3. Honey: Spoonfuls of any kind of honey sooth the throat and may help with coughing. You can also gargle with warm water and honey mixed with salt and baking soda. Go easy on the honey if you have diabetes.
4. Cough drops or hard candy: These, especially the ones with lidocaine, may sooth a sore throat and suppress a cough.
5. Humidifier: Useful for all respiratory conditions during cold weather. Clean frequently to avoid fungus, or use a hot water humidifier.
6. Steam: either buy a sinus steamer from the pharmacy or boil pot of water, put on the table and lean over it with a towel over your head and the pot and breath until the water stops steaming. This will moisten your airways and help clear dried mucus.
7. Over-the-counter nasal steroids: Fluticasone (Flonase) and triamcinolone nasal spray (Nasacort) are very helpful for allergies and sinusitis. They are much safer than oral or intravenous steroids. Do not let the spray get into your eyes. Do not use without a doctor's advice if you have glaucoma.
8. Oxymetazoline nasal spray (such as Afrin): This works immediately to stop congestion and open the sinuses. 2 puffs every 12 hours FOR 3 DAYS ONLY. Longer use can make stuffiness worse! You may use this at the same time as other nasal sprays if your doctor prescribes them. Do not use this if you have glaucoma.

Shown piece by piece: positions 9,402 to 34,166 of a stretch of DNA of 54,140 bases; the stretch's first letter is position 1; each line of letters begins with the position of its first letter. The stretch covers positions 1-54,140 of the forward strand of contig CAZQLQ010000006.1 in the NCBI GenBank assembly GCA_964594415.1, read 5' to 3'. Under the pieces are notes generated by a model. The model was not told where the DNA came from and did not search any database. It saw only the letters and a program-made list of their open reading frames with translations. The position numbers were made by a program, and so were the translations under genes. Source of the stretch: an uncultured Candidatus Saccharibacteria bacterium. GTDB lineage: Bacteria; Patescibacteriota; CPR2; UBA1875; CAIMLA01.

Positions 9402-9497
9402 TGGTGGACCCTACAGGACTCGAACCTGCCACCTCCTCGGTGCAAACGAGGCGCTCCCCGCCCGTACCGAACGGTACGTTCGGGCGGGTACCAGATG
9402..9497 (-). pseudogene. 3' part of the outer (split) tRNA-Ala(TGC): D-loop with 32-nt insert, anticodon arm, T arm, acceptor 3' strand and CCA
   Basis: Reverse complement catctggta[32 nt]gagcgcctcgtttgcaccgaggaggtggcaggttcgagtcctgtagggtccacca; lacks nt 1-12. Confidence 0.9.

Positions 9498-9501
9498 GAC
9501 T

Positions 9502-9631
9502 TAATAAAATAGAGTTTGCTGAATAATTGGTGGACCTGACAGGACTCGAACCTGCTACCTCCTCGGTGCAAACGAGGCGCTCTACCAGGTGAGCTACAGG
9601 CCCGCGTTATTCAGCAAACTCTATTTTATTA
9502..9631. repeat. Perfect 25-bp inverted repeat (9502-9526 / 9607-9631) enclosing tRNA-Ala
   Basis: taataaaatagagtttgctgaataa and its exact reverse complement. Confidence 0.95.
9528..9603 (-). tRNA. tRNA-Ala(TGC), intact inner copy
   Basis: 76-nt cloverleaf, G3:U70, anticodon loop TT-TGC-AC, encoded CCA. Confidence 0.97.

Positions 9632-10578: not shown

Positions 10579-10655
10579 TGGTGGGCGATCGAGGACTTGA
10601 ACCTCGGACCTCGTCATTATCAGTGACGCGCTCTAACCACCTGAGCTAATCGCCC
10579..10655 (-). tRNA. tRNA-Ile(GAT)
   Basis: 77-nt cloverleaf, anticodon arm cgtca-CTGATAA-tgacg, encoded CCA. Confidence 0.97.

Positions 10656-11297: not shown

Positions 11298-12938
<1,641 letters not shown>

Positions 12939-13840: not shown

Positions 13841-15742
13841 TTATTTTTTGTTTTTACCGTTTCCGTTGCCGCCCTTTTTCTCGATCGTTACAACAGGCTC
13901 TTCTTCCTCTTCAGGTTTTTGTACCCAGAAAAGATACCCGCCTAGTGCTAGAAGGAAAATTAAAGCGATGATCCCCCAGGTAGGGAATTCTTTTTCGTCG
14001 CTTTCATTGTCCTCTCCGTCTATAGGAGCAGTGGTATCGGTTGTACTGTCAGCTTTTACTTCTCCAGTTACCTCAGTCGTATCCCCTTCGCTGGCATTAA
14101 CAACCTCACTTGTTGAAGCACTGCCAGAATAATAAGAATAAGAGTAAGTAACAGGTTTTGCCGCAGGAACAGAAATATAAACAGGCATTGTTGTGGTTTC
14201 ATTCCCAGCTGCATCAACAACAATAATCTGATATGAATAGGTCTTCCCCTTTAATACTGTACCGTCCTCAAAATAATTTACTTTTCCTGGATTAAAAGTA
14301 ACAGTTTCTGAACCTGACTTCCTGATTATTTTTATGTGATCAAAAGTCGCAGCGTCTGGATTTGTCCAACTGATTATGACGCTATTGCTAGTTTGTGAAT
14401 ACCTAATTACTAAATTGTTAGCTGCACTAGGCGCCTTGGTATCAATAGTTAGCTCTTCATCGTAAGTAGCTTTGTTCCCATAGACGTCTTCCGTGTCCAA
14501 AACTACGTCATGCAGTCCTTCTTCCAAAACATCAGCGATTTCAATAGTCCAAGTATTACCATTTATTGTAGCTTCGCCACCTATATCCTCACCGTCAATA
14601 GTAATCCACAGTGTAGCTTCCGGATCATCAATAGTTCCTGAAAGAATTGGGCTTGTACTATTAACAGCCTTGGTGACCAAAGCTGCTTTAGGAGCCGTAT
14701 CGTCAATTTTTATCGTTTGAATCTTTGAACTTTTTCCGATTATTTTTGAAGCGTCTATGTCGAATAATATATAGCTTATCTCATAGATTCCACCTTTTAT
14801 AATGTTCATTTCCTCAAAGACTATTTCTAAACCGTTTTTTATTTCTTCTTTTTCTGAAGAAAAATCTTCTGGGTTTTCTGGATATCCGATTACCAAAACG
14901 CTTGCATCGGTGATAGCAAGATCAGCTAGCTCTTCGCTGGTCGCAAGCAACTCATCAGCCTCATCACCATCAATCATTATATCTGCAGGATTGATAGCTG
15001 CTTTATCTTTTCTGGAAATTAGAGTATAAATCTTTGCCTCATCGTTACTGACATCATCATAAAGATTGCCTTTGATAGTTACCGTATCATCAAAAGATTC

9. Pseudoephedrine (You have to ask the pharmacist for this directly): This helps dry up mucus, and open sinuses. It may cause insomnia, anxiety, or cardiac arrhythmias. Do not use if you have severe hypertension. Elderly men or men with benign prostatic hypertrophy (BPH) should avoid pseudoephedrine as it may worsen urinary symptoms.
10. Antihistamines: These are mostly for allergies. They help dry up nasal secretions and decrease congestion. Older antihistamines such as diphenhydramine (aka Benadryl) are stronger, but may make you drowsy. Avoid them if you are over 75 as they may cause confusion. The newer antihistamine, fexofenadine (Allegra), is less likely to cause this. Elderly men or men with BPH should avoid antihistamines as they may worsen urinary symptoms.
Upper respiratory infections usually improve by 10 days or so whether or not you take medicine for them. If you are sick for more than 10 days and are not improving, if have a fever >101 for more than 3 days, if you have difficulty breathing, if you cannot keep down fluids, or if you suddenly become much sicker after mostly recovering, give us a call or visit.
This sneezing marine iguana is not getting antibiotics!
The iguana is actually sneezing. For marine iguanas, sneezing is the equivalent of urinating. They sneeze out extra salty fluid to maintain a proper salt balance in their bodies. So this is also a picture of an iguana taking pee.